# Pyro for Probabilistic Graphic Models

Hi,

I am New to Pyro and Probabilistic Programming Languages. I would like to know what kinds of distributions can Pyro represents. Of course, Pyro can represent the standard distributions. I would like to know what kinds of generative models, discriminative models, parameter or non-parameter models can Pyro represent. My research interest is Probabilistic Graphic Models(PGM). Can Pyro represent PGM and do the inference in PGM?

Thank you so much!

Hi, it might be better to ask whether a particular example model could have a nice implementation in Pyro rather than whether a class of models is representable in principle. You might be interested in our examples of a variational autoencoder (a deep generative model), Bayesian regression (a discriminative model), and Dirichlet process mixture model (a nonparametric model), and our ICML paper on discrete factor graph inference in Pyro. Do any of those help answer your question?

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Yes! Thank you so much for your reply. I know sometimes I ask stupid questions. I am comparing different PPL like Pyro, Edward, Turing so that I am coming up some general questions. I first want to know the difference and how powerful Pyro is.

I am reading the tutorials and I am wondering how can I know it is a generative model or discriminative model. For example, for Bayesian Neural Network, I think it models p(y|x,\theta) in pyro but I can not sure.

If I have a Bayesian Network (for example a DAG) with 1000000 (very large) nodes and assume I know every CPD, how can I make a inference in Pyro? For example, can Pyro compute any p(X|E) where X are a list of nodes we are interested and E is list of nodes that are the evidence?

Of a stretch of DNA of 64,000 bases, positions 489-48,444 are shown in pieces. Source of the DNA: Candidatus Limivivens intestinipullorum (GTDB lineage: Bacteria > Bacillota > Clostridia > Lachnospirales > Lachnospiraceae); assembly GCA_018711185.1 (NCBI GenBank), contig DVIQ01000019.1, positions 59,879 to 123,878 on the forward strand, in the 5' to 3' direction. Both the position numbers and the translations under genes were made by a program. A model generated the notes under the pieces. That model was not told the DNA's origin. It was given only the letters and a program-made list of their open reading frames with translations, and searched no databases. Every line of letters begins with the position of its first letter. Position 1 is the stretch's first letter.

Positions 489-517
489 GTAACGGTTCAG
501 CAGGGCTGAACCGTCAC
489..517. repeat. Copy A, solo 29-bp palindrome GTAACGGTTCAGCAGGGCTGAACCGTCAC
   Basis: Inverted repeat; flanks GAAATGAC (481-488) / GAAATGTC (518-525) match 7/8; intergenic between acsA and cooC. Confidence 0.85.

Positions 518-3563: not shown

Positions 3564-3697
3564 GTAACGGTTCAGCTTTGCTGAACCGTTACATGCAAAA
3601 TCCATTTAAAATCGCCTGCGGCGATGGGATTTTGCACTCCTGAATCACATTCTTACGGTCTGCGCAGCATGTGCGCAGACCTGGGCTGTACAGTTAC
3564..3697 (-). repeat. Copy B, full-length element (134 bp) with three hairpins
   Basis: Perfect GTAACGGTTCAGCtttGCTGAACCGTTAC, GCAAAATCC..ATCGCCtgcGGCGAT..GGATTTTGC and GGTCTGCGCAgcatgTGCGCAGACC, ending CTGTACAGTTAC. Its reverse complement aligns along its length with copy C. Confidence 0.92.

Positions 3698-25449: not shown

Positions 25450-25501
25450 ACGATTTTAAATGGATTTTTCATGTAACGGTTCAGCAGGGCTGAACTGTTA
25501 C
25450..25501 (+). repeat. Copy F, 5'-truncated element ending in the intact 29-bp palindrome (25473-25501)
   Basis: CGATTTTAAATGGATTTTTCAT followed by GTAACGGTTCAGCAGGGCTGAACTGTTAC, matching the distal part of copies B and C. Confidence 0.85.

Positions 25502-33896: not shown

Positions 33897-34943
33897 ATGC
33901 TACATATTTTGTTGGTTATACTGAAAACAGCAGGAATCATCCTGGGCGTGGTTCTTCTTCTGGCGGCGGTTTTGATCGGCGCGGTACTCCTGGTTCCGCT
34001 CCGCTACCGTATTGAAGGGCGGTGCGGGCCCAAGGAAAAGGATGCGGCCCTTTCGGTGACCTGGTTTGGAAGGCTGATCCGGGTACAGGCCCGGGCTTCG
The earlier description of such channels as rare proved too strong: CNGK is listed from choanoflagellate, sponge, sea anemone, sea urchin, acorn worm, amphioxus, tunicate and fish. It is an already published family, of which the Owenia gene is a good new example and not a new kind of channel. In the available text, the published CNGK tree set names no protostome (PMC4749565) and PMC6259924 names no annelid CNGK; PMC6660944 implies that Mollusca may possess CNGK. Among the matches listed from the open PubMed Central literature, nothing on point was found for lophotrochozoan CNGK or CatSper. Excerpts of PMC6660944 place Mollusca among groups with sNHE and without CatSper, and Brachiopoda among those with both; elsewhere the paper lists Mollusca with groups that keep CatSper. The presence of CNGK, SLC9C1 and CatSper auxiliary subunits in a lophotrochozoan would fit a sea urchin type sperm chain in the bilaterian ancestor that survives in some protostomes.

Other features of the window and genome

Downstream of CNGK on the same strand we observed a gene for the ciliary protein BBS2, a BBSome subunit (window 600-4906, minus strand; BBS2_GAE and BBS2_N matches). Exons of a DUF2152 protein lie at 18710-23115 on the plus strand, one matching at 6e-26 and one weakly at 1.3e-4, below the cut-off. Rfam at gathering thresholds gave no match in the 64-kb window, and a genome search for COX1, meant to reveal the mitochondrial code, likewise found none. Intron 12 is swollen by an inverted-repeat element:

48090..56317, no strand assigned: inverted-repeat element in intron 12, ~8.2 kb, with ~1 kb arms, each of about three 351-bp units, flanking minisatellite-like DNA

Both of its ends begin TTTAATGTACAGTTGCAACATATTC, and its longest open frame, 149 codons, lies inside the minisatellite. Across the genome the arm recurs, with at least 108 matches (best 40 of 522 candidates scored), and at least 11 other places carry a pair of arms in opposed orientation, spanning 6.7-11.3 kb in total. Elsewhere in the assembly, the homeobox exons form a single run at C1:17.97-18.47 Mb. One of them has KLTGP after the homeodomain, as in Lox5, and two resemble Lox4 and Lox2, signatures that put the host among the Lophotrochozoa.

If your model has no higher-level structure (such as plates) at all and is just a completely arbitrary low-treewidth DAG over millions of discrete variables, you can compute exact marginal probabilities by passing the conditional probability tables into a tensor contraction engine like opt_einsum or Pyro’s tensor variable elimination implementation pyro.ops.contract.einsum (which generalizes opt_einsum to support plates and multiple outputs as well as other semirings like max-add for MAP queries). This is discussed in more detail in our ICML paper “Tensor Variable Elimination for Plated Factor Graphs” that I linked to in my previous post.
When I was choosing a PPL to learn, the fact that Pyro is closely related to Pytorch made the choice a no-brainer for me